Here's a zoom in on the velocity vectors at the back. You can see that there's a big recirculating zone there because the flow's separated off the roof and the back bumper. EDIT: Also note in the TKE plot in the plot above that there's still a bit of kinetic energy in this region. While the 'average' flow is recirculating somewhat lazily, there's still significant turbulent fluctuations about this average./EDIT This is typical of any 'dump' style diffuser, which is pretty much what the back of our wagons ends up being.

 

 

the air catch point at the top of the windshield is interesting. more than I expected.

 

Agreed. I think what we're seeing here is the combined effect of compressibility and the slope of the windshield. Looks to me like the flow compresses as it climbs most of the way up the windshield, and when the curvature starts to drop back down towards the roof the density drops a little bit and the speed of the flow picks up as a result.

 

The underside is relatively flat except for the rear from axles back. Not sure how to model that in 2d. The 3d modeling Ive seen uses half the car (splitting down the middle). idk how that affects the compute time.

 

I wonder if we can just model major features - ie the 'scoop' on the underside of the bumper, the exhaust, subframe and driveshaft tunnel. Splitting the model in half is absolutely the right way to go - it'll cut your mesh size down in half, which can have a varying effect on compute time depending on what solver options are used but will reduce computational expense no matter what. Either way, it gives you more compute power to send to the details rather than trying to capture the entire car as a whole.

 

 

how do you read the legend on the side? idk what the numbers mean nor at what mph the plot is?

 

Sorry, everything's in metric because I like to divide by 10. Everything in the above post is at 100 mph, or 44.7 meters per second. The pressure plot is in Pascals (101325 Pa = 14.696 psi), and I have no idea what the equivalent turbulence units are in the US system because I've never wanted to hurt my brain that badly :lol: The TKE plot pretty much shows the distribution of kinetic energy carried by the air as it spins randomly in little turbulent vortices.

 

EDIT: Oh derp, I left stuff in scientific notation. Pretty much, any time you see e+##, it means take the number before that, and multiply it by 10 raised to the power of the number. So 6.77e+01 in the velocity plot attached to this post would be 6.77x10^1 = 67.7 meters per second.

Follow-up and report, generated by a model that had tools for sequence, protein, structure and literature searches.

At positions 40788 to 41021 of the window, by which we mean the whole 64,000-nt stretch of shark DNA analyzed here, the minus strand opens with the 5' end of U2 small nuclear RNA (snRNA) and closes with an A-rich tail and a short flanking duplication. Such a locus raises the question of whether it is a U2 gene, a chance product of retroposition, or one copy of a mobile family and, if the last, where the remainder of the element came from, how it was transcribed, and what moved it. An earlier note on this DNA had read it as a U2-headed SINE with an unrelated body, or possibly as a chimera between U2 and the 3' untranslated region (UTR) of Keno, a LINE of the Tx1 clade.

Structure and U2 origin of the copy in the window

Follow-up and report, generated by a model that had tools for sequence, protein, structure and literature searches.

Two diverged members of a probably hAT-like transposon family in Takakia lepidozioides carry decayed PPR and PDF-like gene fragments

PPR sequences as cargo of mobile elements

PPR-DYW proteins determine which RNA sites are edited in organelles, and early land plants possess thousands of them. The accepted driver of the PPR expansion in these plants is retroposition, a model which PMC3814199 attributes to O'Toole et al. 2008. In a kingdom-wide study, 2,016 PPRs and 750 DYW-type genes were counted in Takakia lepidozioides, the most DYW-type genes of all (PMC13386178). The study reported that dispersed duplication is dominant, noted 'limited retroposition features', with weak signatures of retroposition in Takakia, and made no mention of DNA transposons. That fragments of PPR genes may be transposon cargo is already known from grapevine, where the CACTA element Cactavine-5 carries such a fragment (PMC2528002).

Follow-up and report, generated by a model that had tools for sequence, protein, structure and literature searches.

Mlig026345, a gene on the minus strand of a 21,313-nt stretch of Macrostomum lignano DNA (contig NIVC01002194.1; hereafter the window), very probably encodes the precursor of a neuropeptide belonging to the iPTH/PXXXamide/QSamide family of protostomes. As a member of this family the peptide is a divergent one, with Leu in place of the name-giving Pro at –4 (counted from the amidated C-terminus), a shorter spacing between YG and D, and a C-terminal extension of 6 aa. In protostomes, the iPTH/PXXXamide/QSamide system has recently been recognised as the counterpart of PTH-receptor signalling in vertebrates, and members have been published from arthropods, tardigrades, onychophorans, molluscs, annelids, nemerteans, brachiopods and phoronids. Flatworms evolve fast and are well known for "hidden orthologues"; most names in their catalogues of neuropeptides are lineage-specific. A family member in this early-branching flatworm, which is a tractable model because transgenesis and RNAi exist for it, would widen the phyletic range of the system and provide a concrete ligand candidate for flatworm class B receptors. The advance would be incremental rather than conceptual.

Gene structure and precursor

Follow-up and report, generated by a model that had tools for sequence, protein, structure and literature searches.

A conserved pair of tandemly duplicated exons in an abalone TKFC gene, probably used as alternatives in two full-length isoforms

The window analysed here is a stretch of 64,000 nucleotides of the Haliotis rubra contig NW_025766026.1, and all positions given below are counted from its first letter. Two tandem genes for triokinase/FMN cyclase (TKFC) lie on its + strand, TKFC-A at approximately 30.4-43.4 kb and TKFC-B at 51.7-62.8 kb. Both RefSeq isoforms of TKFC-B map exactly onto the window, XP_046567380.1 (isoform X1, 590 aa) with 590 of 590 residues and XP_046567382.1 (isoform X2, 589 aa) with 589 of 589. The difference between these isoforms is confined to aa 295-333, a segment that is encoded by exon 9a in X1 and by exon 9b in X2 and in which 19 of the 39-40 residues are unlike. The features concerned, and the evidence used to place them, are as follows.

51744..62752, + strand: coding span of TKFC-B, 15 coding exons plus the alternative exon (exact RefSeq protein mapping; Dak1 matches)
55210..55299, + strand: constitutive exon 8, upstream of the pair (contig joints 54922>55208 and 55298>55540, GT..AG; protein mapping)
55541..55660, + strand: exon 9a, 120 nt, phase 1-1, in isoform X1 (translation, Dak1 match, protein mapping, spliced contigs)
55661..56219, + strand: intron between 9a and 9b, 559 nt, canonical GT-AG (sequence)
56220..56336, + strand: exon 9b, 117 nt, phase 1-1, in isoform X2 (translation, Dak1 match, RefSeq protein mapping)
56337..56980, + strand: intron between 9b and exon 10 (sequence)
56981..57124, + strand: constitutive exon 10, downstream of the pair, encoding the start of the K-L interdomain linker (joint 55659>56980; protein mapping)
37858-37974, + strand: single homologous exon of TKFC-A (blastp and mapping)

I can include freedom units in future plots, would be good to have both.

 

 

 

vmag_aft.thumb.PNG.f449bbc295b2fd3e550792b906c0a71b.PNG

Edited by awfulwaffle
added some words because i made a connection
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metric is fine. I have to learn a whole new language so conversion doesn't help much. don't convert for my benefit.

 

hmm, that last picture suggests a waist spoiler might be effective.

 

with regards windshield I think the 3d model would show a different result. The only time the windshield has that shape is at center line. The rest rolls off to the side. Rain patterns suggested that.

 

can you do a zoom like that for the nose?

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That's a good point on the windshield - I also wonder what it means for the flow that comes down the back of the wagon, if it gets turned out a bit by the sideways rounding of the windshield.

 

On the waist spoiler, I've heard that in the ether before. To the point where people say you don't need a rear wiper anymore on a wagon, because it interrupts the recirculation and keeps rain/snow/dirt from shooting up the back of the car. Worth exploring for sure.

 

Here's the nose shot. Next time I work on the model I'll see if there's a way to add a porous boundary where the grille is so the air doesn't just get stopped dead there - there is an option in 3D but I've never tried to do it in 2D.

vmag_nose.PNG.c5617a5cbbcf1ccb1faf2b83fb370e59.PNG

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What software is needed to do this?

what's the limiting factor? compute time? configuration? making new parts?

how do we contribute?

When something is found to work, how does it get outputted so madrig can make it? :)